Dr Andrew Klekociuk: BSc(Hons) PhD
I work as a Principal Research Scientist and lead the Atmosphere Section of the Antarctic Climate Program (ACP) within the AAD’s Science Branch. I currently specialise in two research areas:
- understanding the role of stratospheric ozone depletion in climate processes as a contribution to national obligations under the Montreal Protocol
- understanding the processes involved in radiation biases associated with clouds and aerosols over the Southern Ocean as a contribution to the Australian Antarctic Program Partnership (AAPP).
I also support and undertake a range of other research in the Australian Antarctic Program (AAP).
I grew up in Tasmania, and studied at the University of Tasmania, where I gained a PhD in physics in 1991. My research thesis in radioastronomy was entitled ‘Timing Observations of the Vela Pulsar PSR0833-45'. In 1987, prior to completing my PhD, I joined the Australian Antarctic Division as a research physicist, and have remained in full time employment with the Division ever since. In 1988 I wintered at Macquarie Island, where I maintained the Upper Atmospheric Physics observatory and collected data for a research project on pulsating aurorae. Following this I was involved with three field campaigns to study pulsating aurorae and auroral energetics, which involved stints at Mawson (1990–91), Macquarie Island (1991–92) and Kotezbue, Alaska (1992).
From 1994 to 2014 I led a collaboration between the Antarctic Division and the University of Adelaide that developed and established a sophisticated LIDAR (light detection and ranging) facility at Davis station in Antarctica for the study of atmospheric processes and climate. From 2001 to 2012, the Davis LIDAR measured atmospheric density, temperature and aerosol characteristics from 5 to 95 km altitude. The instrument is currently being re-tasked for new studies of cloud and aerosol processes. My research with this instrument centred on interpretation of the measurements in the context of describing basic atmospheric processes and their relationship with global climate. This work also involved five summer expeditions to Davis.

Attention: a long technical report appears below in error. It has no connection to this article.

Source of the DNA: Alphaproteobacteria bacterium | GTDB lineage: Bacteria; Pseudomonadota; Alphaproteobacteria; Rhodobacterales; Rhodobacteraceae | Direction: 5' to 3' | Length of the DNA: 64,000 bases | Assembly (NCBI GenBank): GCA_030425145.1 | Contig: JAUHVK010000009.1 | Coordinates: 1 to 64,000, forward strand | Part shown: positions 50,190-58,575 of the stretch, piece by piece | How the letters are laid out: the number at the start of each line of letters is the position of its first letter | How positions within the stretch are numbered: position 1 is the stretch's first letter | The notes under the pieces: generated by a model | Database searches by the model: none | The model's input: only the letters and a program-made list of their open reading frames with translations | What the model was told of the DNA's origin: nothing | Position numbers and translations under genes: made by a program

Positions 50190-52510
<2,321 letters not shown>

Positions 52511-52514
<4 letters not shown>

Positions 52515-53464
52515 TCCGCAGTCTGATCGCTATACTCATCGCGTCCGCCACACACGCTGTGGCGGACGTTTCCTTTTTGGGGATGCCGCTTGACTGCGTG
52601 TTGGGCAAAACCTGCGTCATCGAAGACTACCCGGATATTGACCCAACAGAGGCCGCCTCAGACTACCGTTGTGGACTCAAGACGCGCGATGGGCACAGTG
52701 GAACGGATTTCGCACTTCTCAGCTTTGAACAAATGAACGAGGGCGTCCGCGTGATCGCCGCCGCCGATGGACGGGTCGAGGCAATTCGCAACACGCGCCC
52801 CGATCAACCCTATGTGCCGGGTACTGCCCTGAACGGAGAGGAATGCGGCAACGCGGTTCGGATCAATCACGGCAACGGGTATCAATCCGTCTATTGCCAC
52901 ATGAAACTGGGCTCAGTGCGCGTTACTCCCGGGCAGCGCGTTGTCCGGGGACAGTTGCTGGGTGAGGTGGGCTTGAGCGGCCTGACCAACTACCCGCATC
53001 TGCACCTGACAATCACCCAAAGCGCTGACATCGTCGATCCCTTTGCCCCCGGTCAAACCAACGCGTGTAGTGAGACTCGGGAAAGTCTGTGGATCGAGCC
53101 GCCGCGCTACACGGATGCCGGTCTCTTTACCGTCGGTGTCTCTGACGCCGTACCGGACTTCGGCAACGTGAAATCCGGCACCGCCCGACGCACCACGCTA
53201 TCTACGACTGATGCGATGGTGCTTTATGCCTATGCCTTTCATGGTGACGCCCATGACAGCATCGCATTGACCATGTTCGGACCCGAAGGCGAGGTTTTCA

During my work with the Davis LIDAR, I helped to establish a long-term program of in-situ ozone measurements at Davis using ozonesondes. These measurements are an important part of Australia’s research contribution to protecting the ozone layer. Out of this work I helped to develop the chemistry-climate modelling capability of the Australian Community Climate and Earth System Simulator (ACCESS), and this has led to Australia’s participation in the Chemistry-Climate Model Initiative (CCMI), which is an inter-comparison of leading-edge climate models. The lidar research has led to development of instrumentation and research capabilities in helping to resolve climate model biases associated with Southern ocean clouds and aerosols.
Australian Antarctic Science Program (AAS) projects
- #4293: Australia-China Ozone Research Nexus (ACORN), Chief Investigator
- #4637: Davis Atmospheric Observatory
Australian Antarctic Program Partnership (AAPP) Theme 1: Antarctica's influence on climate and sea level
Australian Research Council (ARC) Linkage project: Advancing Antarctic science with a new high altitude platform capability
NCIMAS: Atmosphere-Ocean Coupled Chemistry Climate Modelling of Ozone and Aerosols